Streambank Erosion Control

Channelization, erosion and upstream development have altered the natural water flow within the stream corridor.

Channelization has allowed water to move too swiftly through the stream and has resulted in streambank erosion. A consequence is loss of native plant vegetation along the streambanks and in the streambed.

Upstream development has caused additional ecological changes to the stream corridor. In dry weather, water is held in upstream detention ponds. This water would normally filter into the stream corridor through natural processes as groundwater. In heavy storm events, water is released from the upstream detention ponds causing a flushing of water and contaminants, including sediments and nutrients, through the stream and into Harrier Marsh. This rapid flushing alters and degrades the wetland and wetland plant communities.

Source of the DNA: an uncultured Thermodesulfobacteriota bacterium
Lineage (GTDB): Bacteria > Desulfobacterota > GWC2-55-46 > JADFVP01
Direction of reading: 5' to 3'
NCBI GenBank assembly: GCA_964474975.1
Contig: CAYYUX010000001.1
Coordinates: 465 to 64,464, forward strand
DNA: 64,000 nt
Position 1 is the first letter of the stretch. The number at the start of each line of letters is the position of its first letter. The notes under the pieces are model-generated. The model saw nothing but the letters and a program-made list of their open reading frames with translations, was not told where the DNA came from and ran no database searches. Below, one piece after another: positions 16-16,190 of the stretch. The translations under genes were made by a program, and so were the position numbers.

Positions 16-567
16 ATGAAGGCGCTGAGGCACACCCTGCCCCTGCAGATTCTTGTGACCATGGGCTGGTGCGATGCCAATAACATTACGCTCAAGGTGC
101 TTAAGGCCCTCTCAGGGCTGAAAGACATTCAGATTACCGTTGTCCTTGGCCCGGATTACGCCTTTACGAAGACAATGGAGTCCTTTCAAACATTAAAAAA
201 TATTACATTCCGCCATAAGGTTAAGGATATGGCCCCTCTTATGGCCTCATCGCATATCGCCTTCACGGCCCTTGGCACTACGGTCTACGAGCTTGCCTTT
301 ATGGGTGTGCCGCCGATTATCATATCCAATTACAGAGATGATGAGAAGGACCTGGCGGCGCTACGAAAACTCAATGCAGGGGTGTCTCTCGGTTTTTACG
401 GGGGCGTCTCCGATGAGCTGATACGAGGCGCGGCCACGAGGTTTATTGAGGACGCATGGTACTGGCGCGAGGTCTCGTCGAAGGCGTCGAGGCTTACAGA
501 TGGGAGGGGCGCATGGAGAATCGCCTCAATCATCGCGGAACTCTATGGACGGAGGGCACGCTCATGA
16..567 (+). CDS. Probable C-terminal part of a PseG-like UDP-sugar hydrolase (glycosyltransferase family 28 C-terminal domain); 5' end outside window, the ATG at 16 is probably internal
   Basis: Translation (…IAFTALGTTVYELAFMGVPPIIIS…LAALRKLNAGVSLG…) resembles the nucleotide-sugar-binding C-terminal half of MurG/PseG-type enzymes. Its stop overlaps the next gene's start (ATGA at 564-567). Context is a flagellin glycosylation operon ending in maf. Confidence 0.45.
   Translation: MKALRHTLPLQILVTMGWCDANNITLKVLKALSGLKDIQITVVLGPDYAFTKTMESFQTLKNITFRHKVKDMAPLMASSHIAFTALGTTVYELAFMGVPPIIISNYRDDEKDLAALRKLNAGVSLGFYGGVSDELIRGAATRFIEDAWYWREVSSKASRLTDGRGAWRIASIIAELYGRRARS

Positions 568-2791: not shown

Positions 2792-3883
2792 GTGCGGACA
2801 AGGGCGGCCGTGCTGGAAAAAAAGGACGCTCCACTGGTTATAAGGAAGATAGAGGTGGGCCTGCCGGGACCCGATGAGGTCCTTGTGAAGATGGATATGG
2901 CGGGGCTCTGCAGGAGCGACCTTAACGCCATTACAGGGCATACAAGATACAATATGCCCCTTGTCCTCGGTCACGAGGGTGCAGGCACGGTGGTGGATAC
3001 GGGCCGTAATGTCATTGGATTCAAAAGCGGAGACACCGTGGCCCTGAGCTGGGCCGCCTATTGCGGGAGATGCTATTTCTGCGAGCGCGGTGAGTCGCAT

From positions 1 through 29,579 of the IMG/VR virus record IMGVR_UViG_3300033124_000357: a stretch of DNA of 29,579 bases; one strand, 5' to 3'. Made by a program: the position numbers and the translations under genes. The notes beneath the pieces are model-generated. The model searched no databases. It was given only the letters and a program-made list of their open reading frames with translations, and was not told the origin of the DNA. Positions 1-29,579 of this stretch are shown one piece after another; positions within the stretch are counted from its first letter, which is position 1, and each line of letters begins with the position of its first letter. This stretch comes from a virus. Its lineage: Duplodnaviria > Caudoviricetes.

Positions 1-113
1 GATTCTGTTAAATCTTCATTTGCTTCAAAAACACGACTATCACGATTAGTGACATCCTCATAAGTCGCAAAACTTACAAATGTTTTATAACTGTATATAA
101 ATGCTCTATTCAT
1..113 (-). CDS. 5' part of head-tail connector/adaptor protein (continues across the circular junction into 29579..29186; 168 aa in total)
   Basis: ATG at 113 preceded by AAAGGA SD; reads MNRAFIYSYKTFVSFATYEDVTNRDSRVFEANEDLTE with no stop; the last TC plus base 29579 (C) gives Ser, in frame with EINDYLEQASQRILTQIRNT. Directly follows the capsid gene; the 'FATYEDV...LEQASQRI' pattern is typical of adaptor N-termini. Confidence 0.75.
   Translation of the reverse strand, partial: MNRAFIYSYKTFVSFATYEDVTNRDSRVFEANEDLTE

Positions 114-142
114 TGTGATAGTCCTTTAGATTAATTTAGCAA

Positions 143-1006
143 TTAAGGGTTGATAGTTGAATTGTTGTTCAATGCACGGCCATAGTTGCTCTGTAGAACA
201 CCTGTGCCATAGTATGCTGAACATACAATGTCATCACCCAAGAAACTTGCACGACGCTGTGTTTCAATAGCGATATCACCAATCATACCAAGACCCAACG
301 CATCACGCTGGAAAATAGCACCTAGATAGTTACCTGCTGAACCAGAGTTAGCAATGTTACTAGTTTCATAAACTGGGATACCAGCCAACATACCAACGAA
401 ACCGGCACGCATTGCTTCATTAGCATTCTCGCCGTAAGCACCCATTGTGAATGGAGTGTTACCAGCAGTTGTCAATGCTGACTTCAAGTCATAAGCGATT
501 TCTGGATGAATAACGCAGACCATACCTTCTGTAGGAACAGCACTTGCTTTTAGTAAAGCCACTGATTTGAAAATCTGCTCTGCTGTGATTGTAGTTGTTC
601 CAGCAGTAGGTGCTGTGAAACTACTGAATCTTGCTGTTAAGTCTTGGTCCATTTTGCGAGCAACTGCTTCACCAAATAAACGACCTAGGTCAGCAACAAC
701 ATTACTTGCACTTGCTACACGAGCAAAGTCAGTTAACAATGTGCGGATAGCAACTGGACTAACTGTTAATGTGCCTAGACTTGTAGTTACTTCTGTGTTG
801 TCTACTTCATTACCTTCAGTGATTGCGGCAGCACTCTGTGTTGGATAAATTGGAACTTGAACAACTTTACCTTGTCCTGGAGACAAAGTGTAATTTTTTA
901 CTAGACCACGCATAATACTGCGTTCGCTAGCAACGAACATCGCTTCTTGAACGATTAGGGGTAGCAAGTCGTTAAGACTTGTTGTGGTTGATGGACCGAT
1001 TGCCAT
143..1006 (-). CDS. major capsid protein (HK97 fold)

European buckthorn and other invasive brush obstruct the streambed and streambanks. The soil beneath the invasive brush is barren and eroded. The stream flows under the road where the curb can be seen at the lower right of the photograph.
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Following brush removal along the streambed and streambanks, native vegetation recolonizes the stream corridor, reducing erosion and opening views to Wolf Road Prairie.
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Methods Outcomes